One issue that's top of mind for us right now is police accountability, and we definitely found it a little odd that the SPD got scintillating reviews for how it handled the May Day protests after an evening of smashed store fronts and violence, pepper spray, and 17 arrests. (Erica was pepper sprayed after complying with SPD orders and has filed a complaint with the city's Office of Professional Accountability.)
"How the Police Seized Control," the Seattle Times headline cheered the morning after.
We get it: There is a committed group of supposed anarchists who exploit major protests and come looking for a fight and we agree that the police should show no patience for vandalism and violence.
However, the police were going after more than trouble makers last week and in my estimation (I was reporting from Olive and 4th downtown on Wednesday when the SPD gave their order to disperse), the police aggravated the situation with belligerent tactics such as firing flash bombs, hitting protesters with batons, and pepper spraying protesters who were obeying police orders.
The SPD also got high marks from the mayoral candidates who participated in a mayoral forum the following night where the emcee, KCTS' Enrique Cerna, started things off by asking: "Yesterday was May Day, and we saw [an] outbreak of violence by young protesters seemingly intent on causing mayhem ... what can you do to stop this from happening every May Day?"
Here's what the candidates said. (Note: You won't find any quotes that will come back to haunt them with voters who prefer a tough line on protesters, but kudos to the few candidates—City Council member Bruce Harrell, neighborhood activist Kate Martin, and state Sen. Ed Murray (D-43, Capitol Hill)—who hit pause on the easy macho rhetoric and added a little context.)
City Council member Tim Burgess:
"I think the police department ... yesterday ... they were very prepared, they were present, they had sufficient officers available and as soon as the violence happened they acted very quickly, and I think that was a significant improvement over what happened last year."
City Council member Bruce Harrell:
"[Pepper] spray should never be used on a passive person or a civilian … Our use of force should be scrutinized very, very heavily."
You won't find any quotes that will come back to haunt them with voters who prefer a tough line on protesters, but kudos to the few candidates who hit pause on the easy macho rhetoric and added a little context.
Neighborhood acitivst Kate Martin began by saying the police should show little tolerance for "people who want to cause trouble," but added that the SPD needs "more professional development that needs to happen among the staff so that we don’t have the wrong people sprayed—which seems to be happening at these events."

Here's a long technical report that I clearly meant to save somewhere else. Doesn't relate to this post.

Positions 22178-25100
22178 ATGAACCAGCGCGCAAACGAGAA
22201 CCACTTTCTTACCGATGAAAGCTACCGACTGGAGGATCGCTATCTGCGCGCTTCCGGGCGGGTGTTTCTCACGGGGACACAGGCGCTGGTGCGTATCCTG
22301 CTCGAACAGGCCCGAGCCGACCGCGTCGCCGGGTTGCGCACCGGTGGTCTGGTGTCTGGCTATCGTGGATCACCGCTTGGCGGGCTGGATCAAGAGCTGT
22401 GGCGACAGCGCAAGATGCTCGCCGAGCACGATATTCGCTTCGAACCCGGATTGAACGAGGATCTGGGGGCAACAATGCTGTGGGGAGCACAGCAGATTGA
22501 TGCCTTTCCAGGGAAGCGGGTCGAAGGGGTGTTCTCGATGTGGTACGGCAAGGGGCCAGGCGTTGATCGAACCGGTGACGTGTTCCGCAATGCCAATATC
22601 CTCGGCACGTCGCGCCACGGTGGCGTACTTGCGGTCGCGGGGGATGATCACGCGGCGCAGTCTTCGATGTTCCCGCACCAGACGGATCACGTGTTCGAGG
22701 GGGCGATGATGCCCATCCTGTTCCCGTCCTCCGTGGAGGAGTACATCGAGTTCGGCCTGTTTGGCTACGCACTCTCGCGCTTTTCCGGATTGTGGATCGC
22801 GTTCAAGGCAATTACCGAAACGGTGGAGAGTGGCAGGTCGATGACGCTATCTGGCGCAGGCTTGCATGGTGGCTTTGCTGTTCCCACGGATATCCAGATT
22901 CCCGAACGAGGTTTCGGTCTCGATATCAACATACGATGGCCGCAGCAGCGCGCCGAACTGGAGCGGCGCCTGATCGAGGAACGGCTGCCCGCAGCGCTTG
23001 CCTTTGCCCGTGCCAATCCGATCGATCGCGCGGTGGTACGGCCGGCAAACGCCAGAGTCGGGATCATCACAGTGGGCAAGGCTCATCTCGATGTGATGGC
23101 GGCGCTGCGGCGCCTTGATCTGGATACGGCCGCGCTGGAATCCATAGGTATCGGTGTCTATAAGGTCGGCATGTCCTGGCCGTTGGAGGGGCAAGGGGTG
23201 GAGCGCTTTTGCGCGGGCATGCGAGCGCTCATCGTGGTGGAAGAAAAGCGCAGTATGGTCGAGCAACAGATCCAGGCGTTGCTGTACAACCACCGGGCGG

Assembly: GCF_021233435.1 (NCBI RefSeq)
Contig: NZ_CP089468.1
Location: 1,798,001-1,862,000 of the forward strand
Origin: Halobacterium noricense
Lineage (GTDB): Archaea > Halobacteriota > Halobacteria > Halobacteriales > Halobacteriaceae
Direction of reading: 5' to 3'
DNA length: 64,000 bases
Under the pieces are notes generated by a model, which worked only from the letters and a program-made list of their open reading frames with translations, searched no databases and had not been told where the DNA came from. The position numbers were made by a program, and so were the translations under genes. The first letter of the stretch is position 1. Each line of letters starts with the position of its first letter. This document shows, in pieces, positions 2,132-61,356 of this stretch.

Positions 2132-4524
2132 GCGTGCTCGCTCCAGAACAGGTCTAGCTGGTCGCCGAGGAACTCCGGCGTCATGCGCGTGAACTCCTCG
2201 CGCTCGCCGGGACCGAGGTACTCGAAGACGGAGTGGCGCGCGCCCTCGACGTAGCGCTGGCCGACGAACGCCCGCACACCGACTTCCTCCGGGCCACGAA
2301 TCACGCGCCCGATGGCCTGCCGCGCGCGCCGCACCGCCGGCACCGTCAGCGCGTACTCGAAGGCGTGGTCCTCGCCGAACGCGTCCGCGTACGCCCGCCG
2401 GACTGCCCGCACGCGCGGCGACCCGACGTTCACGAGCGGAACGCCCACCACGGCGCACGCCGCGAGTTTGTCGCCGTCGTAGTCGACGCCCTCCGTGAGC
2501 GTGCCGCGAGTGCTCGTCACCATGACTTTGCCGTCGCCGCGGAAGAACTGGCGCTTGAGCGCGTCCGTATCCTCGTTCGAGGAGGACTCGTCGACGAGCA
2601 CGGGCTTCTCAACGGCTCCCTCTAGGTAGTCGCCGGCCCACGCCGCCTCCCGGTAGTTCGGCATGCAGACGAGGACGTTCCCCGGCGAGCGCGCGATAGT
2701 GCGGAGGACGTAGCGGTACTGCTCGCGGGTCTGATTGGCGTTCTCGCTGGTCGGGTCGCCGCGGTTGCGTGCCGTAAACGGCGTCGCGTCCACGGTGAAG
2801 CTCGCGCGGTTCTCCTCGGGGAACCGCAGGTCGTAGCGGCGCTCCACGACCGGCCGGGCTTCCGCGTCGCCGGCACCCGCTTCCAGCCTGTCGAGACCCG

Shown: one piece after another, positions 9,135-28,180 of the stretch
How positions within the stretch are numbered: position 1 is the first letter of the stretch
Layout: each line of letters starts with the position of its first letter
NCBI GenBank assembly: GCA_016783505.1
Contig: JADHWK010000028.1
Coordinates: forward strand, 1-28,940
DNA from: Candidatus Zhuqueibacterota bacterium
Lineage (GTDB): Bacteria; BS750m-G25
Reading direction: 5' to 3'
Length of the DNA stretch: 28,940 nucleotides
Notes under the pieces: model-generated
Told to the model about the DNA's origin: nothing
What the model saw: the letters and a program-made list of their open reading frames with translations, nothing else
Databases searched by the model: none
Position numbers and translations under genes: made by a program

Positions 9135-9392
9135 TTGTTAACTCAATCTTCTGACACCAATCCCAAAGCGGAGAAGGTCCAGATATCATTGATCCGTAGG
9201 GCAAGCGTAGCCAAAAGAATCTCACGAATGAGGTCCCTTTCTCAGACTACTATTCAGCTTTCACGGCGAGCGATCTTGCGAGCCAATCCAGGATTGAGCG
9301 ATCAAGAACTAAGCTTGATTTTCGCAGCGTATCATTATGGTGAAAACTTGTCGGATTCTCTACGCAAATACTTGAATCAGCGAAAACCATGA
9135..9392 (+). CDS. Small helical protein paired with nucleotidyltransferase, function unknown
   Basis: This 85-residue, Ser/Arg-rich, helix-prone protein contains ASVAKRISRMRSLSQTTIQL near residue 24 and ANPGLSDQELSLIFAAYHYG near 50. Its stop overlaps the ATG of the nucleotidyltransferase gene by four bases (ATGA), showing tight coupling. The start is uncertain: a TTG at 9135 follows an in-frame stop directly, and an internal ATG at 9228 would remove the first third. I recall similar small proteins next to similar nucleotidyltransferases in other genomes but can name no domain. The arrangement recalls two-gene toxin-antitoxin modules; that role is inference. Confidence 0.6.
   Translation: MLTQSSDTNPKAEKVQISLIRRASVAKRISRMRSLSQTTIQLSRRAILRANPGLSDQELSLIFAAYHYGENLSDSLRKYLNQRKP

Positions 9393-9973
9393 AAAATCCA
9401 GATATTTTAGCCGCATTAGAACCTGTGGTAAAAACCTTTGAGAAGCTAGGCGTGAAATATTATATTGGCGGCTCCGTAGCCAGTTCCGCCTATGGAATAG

Mayor Mike McGinn:
"I really commend the officers and the sergeants and the command staff for the work they did to have a prompt response … I commend the officers for a prompt response to people bent on damage. I’m proud that our officers stood in that difficult situation and did a tough job."
State. Sen. Ed Murray:
"When there is criminal activity we need to do something about the criminal activity. Second, we can’t ignore the fact that during the great recession economic inequality has deepened and there is more of that type of activity. It's a travesty that city is under a Department of Justice consent decree. We need to reform our police department and under this mayor we haven’t and under the oversight of the public safety committee of Tim Burgess we haven’t."
Real estate broker Charlie Staadecker:
"This is one night I would like to turn to and say thank you [Mayor Mike McGinn] for you and your team for what you did last night … and I congratulate you."
(Goofy footnote here: Staadecker than noted that it was Murray's birthday and called for and led the crowd in a round of "Happy Birthday.")
Former City Council member Peter Steinbrueck:
"The mayor is really the commander in chief, and I think what you do at the onset—given that we’ve had some experience now with several years of mayhem on the streets—[is the] mayor needs to set clear expectations that lawful First Amendment rights will be protected, number one. And number two, that unlawful activity will be dealt with by the appropriate means. I do think we're improving with crowd management."